Diffusion, also known as cultural diffusion, is a social process through which elements of culture spread from one society or social group to another, which means it is, in essence, a process of social change. It is also the process through which innovations are introduced into an organization or social group, sometimes called the diffusion of innovations. Things that are spread through diffusion include ideas, values, concepts, knowledge, practices, behaviors, materials, and symbols.

The process of diffusion, according to Rogers, happens in five steps:

  1. Knowledge: awareness of the innovation.
  2. Persuasion: interest in the innovation rises and a person begins to research it further.
  3. Decision: a person or group evaluates the pros and cons of the innovation (the key point in the process).
  4. Implementation: leaders introduce the innovation to the social system and evaluate its usefulness.
  5. Confirmation: those in charge decide to continue using it.



The concept of cultural relativism as we know and use it today was established as an analytic tool by German-American anthropologist Franz Boas in the early 20th century. In the context of early social science, cultural relativism became an important tool for pushing back on the ethnocentrism that often tarnished research at that time, which was mostly conducted by white, wealthy, Western men, and often focused on people of color, foreign indigenous populations, and persons of lower economic class than the researcher. Cultural relativism refers to the idea that the values, knowledge, and behavior of people must be understood within their own cultural context. This is one of the most fundamental concepts in sociology, as it recognizes and affirms the connections between the greater social structure and trends and the everyday lives of individual people.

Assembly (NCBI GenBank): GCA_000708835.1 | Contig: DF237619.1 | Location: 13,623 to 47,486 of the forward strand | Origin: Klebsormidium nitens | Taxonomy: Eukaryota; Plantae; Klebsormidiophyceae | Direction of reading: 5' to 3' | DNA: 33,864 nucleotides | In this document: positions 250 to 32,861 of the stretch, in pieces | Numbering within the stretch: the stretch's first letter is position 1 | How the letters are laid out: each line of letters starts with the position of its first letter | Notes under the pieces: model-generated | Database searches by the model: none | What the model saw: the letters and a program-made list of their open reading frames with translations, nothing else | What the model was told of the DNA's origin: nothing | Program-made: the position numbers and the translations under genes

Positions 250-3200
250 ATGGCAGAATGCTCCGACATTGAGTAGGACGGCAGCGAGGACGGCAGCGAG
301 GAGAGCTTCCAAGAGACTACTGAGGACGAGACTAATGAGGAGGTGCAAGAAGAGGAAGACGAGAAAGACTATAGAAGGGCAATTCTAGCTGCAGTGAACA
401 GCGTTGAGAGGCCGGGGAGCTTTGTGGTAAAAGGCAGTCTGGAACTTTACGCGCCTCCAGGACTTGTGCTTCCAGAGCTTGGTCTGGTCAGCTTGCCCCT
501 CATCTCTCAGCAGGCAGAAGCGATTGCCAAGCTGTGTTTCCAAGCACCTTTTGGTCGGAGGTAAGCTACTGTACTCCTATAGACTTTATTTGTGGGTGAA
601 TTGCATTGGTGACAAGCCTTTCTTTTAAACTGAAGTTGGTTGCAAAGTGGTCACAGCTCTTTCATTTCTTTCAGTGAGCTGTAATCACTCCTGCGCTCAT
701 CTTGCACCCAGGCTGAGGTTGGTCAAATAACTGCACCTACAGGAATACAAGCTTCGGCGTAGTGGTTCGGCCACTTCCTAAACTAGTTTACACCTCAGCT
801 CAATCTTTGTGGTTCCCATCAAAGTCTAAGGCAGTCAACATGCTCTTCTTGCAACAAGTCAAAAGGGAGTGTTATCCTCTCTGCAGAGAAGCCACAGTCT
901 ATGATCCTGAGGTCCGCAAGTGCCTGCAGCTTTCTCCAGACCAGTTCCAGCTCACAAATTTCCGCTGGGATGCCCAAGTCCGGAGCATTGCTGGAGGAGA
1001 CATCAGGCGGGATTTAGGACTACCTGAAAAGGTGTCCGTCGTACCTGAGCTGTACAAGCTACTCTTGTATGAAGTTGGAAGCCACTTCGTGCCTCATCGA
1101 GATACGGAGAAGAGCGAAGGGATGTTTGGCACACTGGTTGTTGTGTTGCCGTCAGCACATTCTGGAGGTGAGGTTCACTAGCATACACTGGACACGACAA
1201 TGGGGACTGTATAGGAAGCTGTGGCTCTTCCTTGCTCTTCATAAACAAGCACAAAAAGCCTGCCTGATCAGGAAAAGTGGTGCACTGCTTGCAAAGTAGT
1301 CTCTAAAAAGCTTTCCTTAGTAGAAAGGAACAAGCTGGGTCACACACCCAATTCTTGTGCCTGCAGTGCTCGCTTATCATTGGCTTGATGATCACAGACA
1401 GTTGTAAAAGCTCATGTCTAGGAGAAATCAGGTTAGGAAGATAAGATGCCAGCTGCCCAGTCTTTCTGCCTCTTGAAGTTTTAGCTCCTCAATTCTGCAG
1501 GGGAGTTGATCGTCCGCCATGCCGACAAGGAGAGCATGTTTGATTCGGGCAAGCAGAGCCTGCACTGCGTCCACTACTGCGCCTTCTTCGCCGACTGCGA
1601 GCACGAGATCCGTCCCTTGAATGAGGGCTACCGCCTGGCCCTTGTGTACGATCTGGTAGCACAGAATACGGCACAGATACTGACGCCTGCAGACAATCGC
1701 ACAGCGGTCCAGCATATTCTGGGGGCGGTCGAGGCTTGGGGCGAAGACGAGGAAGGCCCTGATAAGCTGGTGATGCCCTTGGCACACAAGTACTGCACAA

Ethnocentrism is the practice of viewing and judging someone else’s culture based on the values and beliefs of one’s own. From this standpoint, we might frame other cultures as weird, exotic, intriguing, and even as problems to be solved. In contrast, when we recognize that the many cultures of the world have their own beliefs, values, and practices that have developed in particular historical, political, social, material, and ecological contexts and that it makes sense that they would differ from our own and that none are necessarily right or wrong or good or bad, then we are engaging the concept of cultural relativism.



The concept of cultural lag was first introduced by W.F. Ogburn in his book Social Change which was published in 1922. Since that date ‘cultural lag’ has been discussed from different angles by sociologists. According to this theory, the culture of any society consists of a pattern of interrelated elements. We can easily see that all aspects of a culture will not change at the same rate at the same time. Hence, a change in any one part of the cultural pattern may create strains and disturbances in the other closely related parts.

Adjustments between these parts will have to be made eventually to restore harmony. But there will naturally be a time lag before harmony is restored. This is known as cultural lag. In modern societies, it is technological change that sets the pace. According to Ogburn, “technological progress produces rapid changes in the material aspects of our culture, but the non-material aspects fail to adjust or they do so only after an excessive time lag. As a result, many troublesome social problems are created”.

Some sociologists hold that the concept of cultural lag may be accepted with important qualifications. To begin with, we must not assume that changes in the material aspects of culture always precede changes in the non-material aspects. There is a constant interaction between the two. In the long run, technological progress itself is largely dependent on certain non- material factors, such as social attitudes. For instance, most, if not all, of the material products of culture originate in the minds of men, and their application and use are dependent upon a favourable social and cultural atmosphere. Thus a desire to improve the standard of living has to be kindled first in a community before it can accept technology and industrialised way of life. The rapid material progress, which is characteristic of present-day society, is itself the result of earlier changes in our thinking and other non-material aspects of culture.